Dallas police officer arrested days after killing a man in his apartment
by: Washington Post
Dallas police officer Amber Guyger was arrested Sept. 9 and charged with manslaughter in the fatal shooting of her neighbor, Botham Shem Jean. Authorities said Guyer mistook Jean’s apartment for her own and killed him. (Reuters)
The Dallas police officer who authorities said entered an apartment she thought was hers and killed a man who lived there is now facing a manslaughter charge.
Amber Guyger, 30, was taken into custody Sunday evening amid intensifying calls for her arrest and accusations that police are showing deferential treatment to one of their own. The shooting death of Botham Shem Jean, 26, also has become a rallying cry for advocates against police brutality — though much is still unknown about what happened in the Dallas apartment last week.
Jean was shot Thursday night in his apartment building near downtown Dallas. Guyger, still in uniform after working a shift, went inside Jean’s apartment, apparently thinking that it was hers. Police have said little else about what happened, other than that Guyger fired her weapon. She called 911, and Jean died at a hospital.
Allison Jean embraces her son’s friends after a prayer vigil for Botham Jean at the Dallas West Church of Christ on Saturday. He was shot by a police officer in his own apartment on Thursday night. (Shaban Athuman/Dallas Morning News/AP)
A video taken from outside the building shows the officer on her phone, pacing back and forth outside the apartment, and crying. Paramedics were later seen moving a man on a gurney and performing CPR on him.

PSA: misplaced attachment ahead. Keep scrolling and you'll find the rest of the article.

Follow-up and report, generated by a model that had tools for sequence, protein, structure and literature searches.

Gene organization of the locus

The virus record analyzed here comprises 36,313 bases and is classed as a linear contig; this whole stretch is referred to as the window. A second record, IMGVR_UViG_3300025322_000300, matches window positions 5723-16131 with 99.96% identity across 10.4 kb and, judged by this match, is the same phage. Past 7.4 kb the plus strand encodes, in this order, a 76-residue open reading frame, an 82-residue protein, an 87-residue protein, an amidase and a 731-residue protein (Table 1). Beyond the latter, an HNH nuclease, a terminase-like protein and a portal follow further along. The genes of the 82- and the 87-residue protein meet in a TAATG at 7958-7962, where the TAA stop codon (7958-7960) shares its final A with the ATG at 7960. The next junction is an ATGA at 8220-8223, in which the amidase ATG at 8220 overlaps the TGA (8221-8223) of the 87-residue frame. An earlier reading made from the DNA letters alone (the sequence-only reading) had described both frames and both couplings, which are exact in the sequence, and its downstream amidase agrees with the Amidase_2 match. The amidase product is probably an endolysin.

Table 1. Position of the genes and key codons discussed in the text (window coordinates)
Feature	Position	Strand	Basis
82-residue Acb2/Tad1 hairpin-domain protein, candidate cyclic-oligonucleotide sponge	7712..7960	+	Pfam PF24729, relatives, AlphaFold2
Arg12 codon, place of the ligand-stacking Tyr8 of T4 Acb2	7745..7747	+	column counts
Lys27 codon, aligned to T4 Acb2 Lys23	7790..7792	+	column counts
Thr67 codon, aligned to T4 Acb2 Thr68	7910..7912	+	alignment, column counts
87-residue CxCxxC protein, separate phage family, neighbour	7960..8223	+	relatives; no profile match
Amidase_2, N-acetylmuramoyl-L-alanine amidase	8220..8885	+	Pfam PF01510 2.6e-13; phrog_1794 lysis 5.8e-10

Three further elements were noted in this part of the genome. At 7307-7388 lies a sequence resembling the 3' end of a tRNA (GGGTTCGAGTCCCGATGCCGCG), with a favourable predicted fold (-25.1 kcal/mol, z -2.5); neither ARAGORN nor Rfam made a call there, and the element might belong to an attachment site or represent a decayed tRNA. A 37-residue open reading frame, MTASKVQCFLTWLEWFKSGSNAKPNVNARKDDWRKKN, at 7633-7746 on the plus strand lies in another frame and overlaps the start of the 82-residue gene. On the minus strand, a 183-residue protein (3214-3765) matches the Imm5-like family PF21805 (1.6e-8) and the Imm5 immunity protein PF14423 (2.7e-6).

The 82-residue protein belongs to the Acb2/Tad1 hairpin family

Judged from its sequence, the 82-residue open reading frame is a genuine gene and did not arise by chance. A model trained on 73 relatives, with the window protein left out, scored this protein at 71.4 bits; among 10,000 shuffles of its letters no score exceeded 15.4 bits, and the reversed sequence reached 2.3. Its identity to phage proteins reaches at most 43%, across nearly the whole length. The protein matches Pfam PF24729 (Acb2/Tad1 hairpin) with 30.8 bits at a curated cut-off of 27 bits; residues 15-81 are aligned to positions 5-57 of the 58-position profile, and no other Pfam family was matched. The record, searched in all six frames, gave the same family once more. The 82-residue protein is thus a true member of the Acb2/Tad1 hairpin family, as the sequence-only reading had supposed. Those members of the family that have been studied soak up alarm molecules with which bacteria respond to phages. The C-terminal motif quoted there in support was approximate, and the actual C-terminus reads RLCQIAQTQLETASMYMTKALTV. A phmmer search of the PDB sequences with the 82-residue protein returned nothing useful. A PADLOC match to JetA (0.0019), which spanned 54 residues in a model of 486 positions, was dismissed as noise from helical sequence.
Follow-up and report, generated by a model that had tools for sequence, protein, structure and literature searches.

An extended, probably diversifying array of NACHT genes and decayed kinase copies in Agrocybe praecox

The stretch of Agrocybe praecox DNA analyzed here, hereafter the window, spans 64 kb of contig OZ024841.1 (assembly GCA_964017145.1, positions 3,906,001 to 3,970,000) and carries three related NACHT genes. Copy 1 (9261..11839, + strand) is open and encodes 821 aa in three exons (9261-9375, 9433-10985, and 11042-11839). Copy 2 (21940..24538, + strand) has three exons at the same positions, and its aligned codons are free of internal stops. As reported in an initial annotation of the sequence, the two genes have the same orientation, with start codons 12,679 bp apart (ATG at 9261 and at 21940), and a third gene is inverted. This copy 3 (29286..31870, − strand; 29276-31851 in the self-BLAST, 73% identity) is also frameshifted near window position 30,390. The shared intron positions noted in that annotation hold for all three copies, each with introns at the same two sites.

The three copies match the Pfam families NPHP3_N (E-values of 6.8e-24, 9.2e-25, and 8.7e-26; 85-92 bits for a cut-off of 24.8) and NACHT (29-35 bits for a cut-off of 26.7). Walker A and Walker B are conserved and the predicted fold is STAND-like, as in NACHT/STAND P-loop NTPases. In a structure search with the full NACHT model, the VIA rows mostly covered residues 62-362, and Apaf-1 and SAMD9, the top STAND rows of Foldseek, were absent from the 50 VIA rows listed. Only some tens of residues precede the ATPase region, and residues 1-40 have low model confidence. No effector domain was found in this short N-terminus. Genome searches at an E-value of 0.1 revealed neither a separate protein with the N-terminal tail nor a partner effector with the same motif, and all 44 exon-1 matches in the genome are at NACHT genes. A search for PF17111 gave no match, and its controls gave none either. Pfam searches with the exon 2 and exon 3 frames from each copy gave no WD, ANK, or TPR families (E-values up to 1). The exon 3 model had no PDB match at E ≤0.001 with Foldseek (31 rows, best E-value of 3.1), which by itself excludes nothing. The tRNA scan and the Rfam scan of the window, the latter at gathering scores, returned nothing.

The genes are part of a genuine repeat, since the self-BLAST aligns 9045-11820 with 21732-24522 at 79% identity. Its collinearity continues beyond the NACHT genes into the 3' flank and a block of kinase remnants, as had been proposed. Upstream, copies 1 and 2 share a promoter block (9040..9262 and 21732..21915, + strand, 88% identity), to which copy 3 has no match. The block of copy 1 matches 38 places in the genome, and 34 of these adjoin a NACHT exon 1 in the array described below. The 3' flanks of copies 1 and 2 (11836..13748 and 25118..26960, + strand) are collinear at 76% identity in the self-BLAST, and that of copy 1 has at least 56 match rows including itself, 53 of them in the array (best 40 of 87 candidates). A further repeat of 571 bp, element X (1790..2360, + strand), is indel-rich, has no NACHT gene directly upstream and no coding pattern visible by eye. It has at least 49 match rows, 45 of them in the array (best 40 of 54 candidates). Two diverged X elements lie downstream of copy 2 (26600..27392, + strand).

Authorities had initially held off on obtaining an arrest warrant for Guyger. Dallas Police Chief Renée Hall said investigators needed more time to decipher what they have described as an unusual case of a shooting by an officer. The Texas Ranger Division, a separate agency that’s investigating the case, had asked that the warrant be postponed.
Guyger, who has been with the police department for four years and is now on administrative leave, has since posted bail, according to the Kaufman County Jail, just outside of Dallas. The Dallas Morning News reported that Guyger’s attorney did not immediately respond to a request for comment.
Officials have not explained why Guyger apparently thought Jean’s apartment was hers or what her mental or physical state was at the time. Her blood is being tested for alcohol and drugs.
The delay in the officer’s arrest frustrated Jean’s family members who arrived in Dallas from the Caribbean island of St. Lucia, where Jean was born.
Before Guyger was arrested Sunday, civil rights attorney Lee Merritt, who represents Jean’s family, said that based on his conversations with officials, including Hall, there was enough evidence to arrest Guyger on suspicion of manslaughter. Merritt said he asked investigators with the Texas Ranger Division whether the postponement meant there was no probable cause to arrest Guyger.
“They said, ‘Not necessarily,’ and that they just wanted more evidence,” Merritt told The Washington Post earlier Sunday.
“In any normal case where there’s probable cause . . . you make an arrest,” Merritt added. “When law enforcement [is under investigation], for some reason, we don’t use the normal protocol in dealing with criminal activity.”
Merritt said Jean and the officer did not know each other. The officer’s apartment was directly below Jean’s, he said.
Jean’s mother, Allison Jean, a former St. Lucia government official, called the news of his death “a nightmare.”
“I need to look into her eyes and ask her why did she do that to my son,” Allison Jean told NBC News. “Botham would want me to get justice for him. The state needs to pay for my son.”